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How Is Hollywood Dealing With Recession?

Hollywood. It’s the place where dreams come true. Where normal things like traffic don’t bother heroes like Jack Bauer, credit ratings and mortgage payments don’t halt Carrie’s spending spree and Bruce Willis never has to fill out an insurance claim form. No wonder they used to call it Hollywoodland, like some sort of fairytale kingdom (in actuality it was to advertise a housing development). This magical quality (or, if you’re cynical, ‘disengagement’) means that Hollywood can take its time in reflecting the tastes of the common people and the issues that really affect them.

High-flying corporate executive...

High-flying corporate executive...

In fairness, Hollywood is reasonably quickly able to deal with political issues. Everyone remembers that spate of really preachy war on terror dramas – Rendition was awful, Syriana was confusing and Lions for Lambs was far better than it had any right to be. Whether this is something to be lauded is for debate, as the movies tend to be extraordinarily preachy. Admittedly things are getting better – The Hurt Locker looks to be one of the better films of the year – but there’s still the suspicion that audiences don’t want to be lectured on foreign policy by Hollywood celebrities.

Mundane, down-to-earth issues are somewhat harder to come by. Admittedly some of this is due to the sensitivity of homegrown issues – which is why Brokeback Mountain arguably took so long to get made – but some of it also arises from the fact that Hollywood just doesn’t care. Movies are escapist because they avoid the day-in day-out concerns that each of us experience in our lives. If movies were like real life, they’d probably be a bit more boring. Unless you went to Vegas and made millions at a casino count cards, but then Hollywood would probably change your ethnicity in the film version. You just can’t win.

The problem begins when Hollywood decides to openly flaunt these day-in and day-out concerns. That’s why we worry when the major studios handle big real life events, because we know how poor Hollywood’s sense of reality is. Magic moments are stuffed full of music and epic camera angles, but they rod these moments of their honesty – what made them so special in the first place. You can never tell when a tiny element of a film is going to backfire horribly. There’s the unfortunate echoes of a castmember’s suicide in the trailer for Youth in Revolt, as a recent example.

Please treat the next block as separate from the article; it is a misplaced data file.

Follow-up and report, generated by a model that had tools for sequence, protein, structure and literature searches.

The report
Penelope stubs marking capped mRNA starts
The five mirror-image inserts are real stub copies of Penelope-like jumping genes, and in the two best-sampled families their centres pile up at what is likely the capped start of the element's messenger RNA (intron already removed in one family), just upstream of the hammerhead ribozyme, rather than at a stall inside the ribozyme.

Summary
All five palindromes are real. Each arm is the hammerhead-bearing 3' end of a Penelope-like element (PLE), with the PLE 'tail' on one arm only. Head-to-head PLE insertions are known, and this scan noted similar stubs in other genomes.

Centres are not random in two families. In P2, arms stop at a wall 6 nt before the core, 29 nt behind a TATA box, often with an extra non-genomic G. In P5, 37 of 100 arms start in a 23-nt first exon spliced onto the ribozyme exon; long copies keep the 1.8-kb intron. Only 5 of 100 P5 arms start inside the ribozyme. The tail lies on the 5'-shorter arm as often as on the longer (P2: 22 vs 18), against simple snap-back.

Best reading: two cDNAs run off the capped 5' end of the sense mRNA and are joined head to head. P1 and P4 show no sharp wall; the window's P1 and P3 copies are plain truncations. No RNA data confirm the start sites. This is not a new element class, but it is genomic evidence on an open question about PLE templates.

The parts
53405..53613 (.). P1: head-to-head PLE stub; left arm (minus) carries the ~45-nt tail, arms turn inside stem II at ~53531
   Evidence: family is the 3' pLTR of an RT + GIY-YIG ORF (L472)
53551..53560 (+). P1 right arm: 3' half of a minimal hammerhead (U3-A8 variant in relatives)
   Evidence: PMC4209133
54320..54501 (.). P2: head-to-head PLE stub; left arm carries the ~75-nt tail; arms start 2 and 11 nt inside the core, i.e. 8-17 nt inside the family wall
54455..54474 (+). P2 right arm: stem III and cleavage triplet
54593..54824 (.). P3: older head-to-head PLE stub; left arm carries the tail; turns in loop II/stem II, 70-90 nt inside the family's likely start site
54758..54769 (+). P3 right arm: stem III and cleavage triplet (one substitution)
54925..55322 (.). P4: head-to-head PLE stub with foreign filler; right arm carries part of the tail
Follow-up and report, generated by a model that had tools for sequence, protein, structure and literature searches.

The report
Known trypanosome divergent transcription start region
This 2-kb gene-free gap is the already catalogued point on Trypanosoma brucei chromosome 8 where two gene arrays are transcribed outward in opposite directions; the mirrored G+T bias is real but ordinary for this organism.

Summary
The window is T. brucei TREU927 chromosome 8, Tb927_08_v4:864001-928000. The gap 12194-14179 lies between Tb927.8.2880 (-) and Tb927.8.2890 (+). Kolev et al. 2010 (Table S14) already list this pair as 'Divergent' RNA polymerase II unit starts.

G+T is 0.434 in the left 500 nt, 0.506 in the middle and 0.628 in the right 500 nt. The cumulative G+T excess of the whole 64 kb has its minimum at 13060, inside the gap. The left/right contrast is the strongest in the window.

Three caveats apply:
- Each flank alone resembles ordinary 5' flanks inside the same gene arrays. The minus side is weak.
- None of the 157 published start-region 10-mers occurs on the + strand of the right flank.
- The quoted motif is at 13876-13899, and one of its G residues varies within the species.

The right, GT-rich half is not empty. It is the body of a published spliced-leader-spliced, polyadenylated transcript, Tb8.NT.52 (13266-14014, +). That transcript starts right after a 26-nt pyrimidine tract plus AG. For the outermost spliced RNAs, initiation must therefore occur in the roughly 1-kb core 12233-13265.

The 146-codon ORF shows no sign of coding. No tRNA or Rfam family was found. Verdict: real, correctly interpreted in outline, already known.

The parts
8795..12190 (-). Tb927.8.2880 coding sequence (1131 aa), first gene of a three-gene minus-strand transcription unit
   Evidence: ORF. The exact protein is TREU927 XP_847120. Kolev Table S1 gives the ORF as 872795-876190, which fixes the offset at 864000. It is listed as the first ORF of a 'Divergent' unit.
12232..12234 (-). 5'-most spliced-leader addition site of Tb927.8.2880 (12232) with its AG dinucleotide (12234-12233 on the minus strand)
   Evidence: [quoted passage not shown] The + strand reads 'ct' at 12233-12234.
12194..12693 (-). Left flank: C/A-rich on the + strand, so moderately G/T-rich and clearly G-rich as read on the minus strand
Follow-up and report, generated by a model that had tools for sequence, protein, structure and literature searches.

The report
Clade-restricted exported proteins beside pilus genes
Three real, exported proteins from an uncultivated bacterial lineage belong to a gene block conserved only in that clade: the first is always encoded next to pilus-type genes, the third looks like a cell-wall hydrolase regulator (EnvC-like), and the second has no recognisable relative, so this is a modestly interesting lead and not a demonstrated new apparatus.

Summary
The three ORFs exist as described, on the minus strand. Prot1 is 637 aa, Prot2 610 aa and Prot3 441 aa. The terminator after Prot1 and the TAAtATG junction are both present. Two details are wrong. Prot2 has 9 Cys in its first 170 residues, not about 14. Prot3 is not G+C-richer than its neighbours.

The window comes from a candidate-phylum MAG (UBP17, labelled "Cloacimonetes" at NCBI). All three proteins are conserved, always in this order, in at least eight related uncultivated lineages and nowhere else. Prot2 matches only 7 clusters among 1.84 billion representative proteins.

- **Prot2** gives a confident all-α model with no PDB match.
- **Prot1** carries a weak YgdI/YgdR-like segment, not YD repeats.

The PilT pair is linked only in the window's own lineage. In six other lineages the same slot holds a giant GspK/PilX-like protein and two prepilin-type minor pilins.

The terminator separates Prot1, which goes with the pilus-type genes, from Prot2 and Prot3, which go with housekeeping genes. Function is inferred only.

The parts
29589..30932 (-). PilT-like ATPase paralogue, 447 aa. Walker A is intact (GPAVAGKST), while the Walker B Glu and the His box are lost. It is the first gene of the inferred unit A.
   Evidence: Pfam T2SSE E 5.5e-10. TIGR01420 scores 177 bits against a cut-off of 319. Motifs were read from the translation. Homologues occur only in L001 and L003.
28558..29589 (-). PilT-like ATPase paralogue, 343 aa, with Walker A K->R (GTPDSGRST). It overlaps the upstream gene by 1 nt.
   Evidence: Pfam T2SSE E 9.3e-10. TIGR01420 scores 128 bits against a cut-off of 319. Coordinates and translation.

Still, even by these standards it’s hard to believe that Confessions of a Shopaholic or Sex in the City could have had worse timing. The last thing people struggling with massive mortgages and huge credit problems need to watch are comedies about how hilarious it is to have trouble controlling spending or how easy it is to live this jet-set lifestyle (Carrie writes maybe 500 words a week!). I’m not suggesting that movie viewers should be outraged (though I love that verb), rather that Hollywood just isn’t particularly adept at relating to the troubles of modern life. That these films entered production before the credit crunch kicked into high gear isn’t really a fair explanation either, as there were warning signs appearing long before their release.

Still, it looks like the studios are finally starting to acknowledge the biggest global slump since the Great Depression, perhaps in the unlikeliest of places. There aren’t really any major releases hoping to tackle the recession head-on – we know that Hollywood has never really been too good at grappling with the issues head-on.

Instead the downturn can be seen as a subtle echo resonating through awards season darling Up in the Air, from director Jason Reitman. It may seem unlikely for a comedy about a high-flying executive who frequents first class to deal with common economic woes, but the lead character (played by George Clooney) is a ‘career transition councillor’ – a guy who travels around firing people, a boom industry in these times. Critics seem to be reacting strongly the film and its central character, who believes that bad news like that should be delivered person-to-person rather than over a long distance line. Sure, it features a jet-setter, but the early word and the talent involved lead me to believe that this should manage to deal with the timely issue of corporate relations in the credit crunch era.

There’s also the somewhat less satisfying word filtering down that apparently Sex and the City 2 will also find the lead actresses living within their means. Clearly shoe-shopping is out. I’m particularly cynical, as the early rumours are the film will involve a flashback to the eighties, indicating that they won’t so much deal with the issues of living a high-flying life in New York as simply chuckle about how hard it was then and how hard it is now to wear bad fashions. Hearing Sarah Jessica Parker talk about how they are trying to “address these economic times in a franchise that has a lot to do with luxury and labels” makes me more than a little uneasy.